The minister of punk rock, Henry Rollins – probably better known for his animated workaholic tendencies as a radio dj, actor, spoken word artist, and former frontman for both Rollins Band and Black Flag – is working his way around the country for his 2012 spoken word tour Capitalism. Capitalism is a rather polite double entrendre for a tour that is hitting – or is he campaigning in? – every U.S. state capital and also a jab at the economic system of capitalism (and a Superman style hook to far right conservatives). He may not be on the Presidential ballot, but Henry Rollins Capitalism tour will culminate on the eve of the U.S. Presidential election in his hometown of Washington, D.C.

On Thursday, October 18, Rollins’s Capitalism tour stopped in Atlanta at the Variety Playhouse. As soon as Rollins hits the stage, the words come flying out of his mouth fast and furiously and he continues for a solid three hours without stopping. Let me repeat that – he does not stop for water, an intermission, questions, or any other reason. He never stumbles, mumbles, or pauses to catch his thoughts. Rollins is a verbal machine, wearing all black, and poised in a boxing stance. Now that you’ve got his picturesque fierceness in mind, he also has the glorious tendency to run with a tangent off his main story and then circle back around (after you’ve forgotten that he left a storyline hanging out there).

Raised on a good diet of punk rock hunger and Abe Lincoln values, Rollins has managed to channel the anger of youth – the noise and passion (minus the confusion and raging hormonal insanity) – into both intellect and words that are sharpened and honed weapons. Aside from the music, punk rock is a value system that makes up the core of a person. With the music side of the scene needing a bit of repair, it was good to know that there are others out there with similar thoughts, philosophies, and ideals to keep punk rock alive and well in 2012. Punk rock is not dead, its parishioner are changing and adapting to survive.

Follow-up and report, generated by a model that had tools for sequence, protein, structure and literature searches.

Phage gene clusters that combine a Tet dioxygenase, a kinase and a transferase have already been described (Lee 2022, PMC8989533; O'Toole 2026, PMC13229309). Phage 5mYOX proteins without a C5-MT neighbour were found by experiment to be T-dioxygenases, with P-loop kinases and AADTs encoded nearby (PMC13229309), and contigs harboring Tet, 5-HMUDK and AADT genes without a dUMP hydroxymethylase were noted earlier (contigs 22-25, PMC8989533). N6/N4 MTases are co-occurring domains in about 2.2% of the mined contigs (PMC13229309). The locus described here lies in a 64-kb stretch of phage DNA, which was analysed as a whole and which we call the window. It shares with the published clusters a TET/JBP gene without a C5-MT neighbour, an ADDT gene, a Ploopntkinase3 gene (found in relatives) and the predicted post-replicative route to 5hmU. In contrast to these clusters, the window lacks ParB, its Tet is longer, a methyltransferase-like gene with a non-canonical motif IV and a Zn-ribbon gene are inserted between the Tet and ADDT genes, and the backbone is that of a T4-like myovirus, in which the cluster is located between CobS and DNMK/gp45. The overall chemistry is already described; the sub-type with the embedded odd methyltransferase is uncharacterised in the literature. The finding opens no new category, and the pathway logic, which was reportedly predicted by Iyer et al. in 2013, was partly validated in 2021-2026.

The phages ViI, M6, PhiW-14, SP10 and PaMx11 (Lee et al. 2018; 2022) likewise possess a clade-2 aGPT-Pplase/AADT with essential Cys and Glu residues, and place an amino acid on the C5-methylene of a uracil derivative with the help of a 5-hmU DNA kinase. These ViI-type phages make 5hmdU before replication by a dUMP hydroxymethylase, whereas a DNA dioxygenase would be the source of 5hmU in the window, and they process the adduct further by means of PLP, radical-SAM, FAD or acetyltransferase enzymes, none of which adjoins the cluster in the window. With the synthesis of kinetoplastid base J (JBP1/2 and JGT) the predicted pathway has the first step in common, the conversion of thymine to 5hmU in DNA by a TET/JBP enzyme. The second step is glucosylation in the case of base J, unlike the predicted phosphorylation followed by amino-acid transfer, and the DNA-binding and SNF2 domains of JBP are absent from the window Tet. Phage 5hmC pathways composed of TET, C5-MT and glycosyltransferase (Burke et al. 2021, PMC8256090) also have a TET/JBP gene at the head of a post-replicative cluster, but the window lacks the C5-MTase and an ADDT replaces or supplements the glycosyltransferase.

Ever the charismatic minister of punk rock ideology, Rollins spoken word touches on his childhood, anecdotes about touring with Black Flag, his professed connection with Abe Lincoln, women’s rights, traveling, humanity, fans reaching out to him, and poking fun of his age. For a man who self-deprecates about his age a decent amount, at 51 he sure stares life in the eyes and takes life by the horns. The best way to describe this is, well – just watch this clip from his new National Geographic three-part series, “Animal Underworld with Henry Rollins” where he wrestles a crocodile.

Rollins workaholic nature definitely pushes him to the limits – some dangerous, but all personal, which helps ensure his social relevance with both the mainstream and counterculture. Opting to constantly tour and travel continuously puts him in close communication with a lot of different people from all walks of life. Under his tough punk rock exterior, Rollins seems to genuinely be interested in learning about people. After the show, Rollins hung around to talk to fans, take pictures, and autograph items for them as well.

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Henry Rollins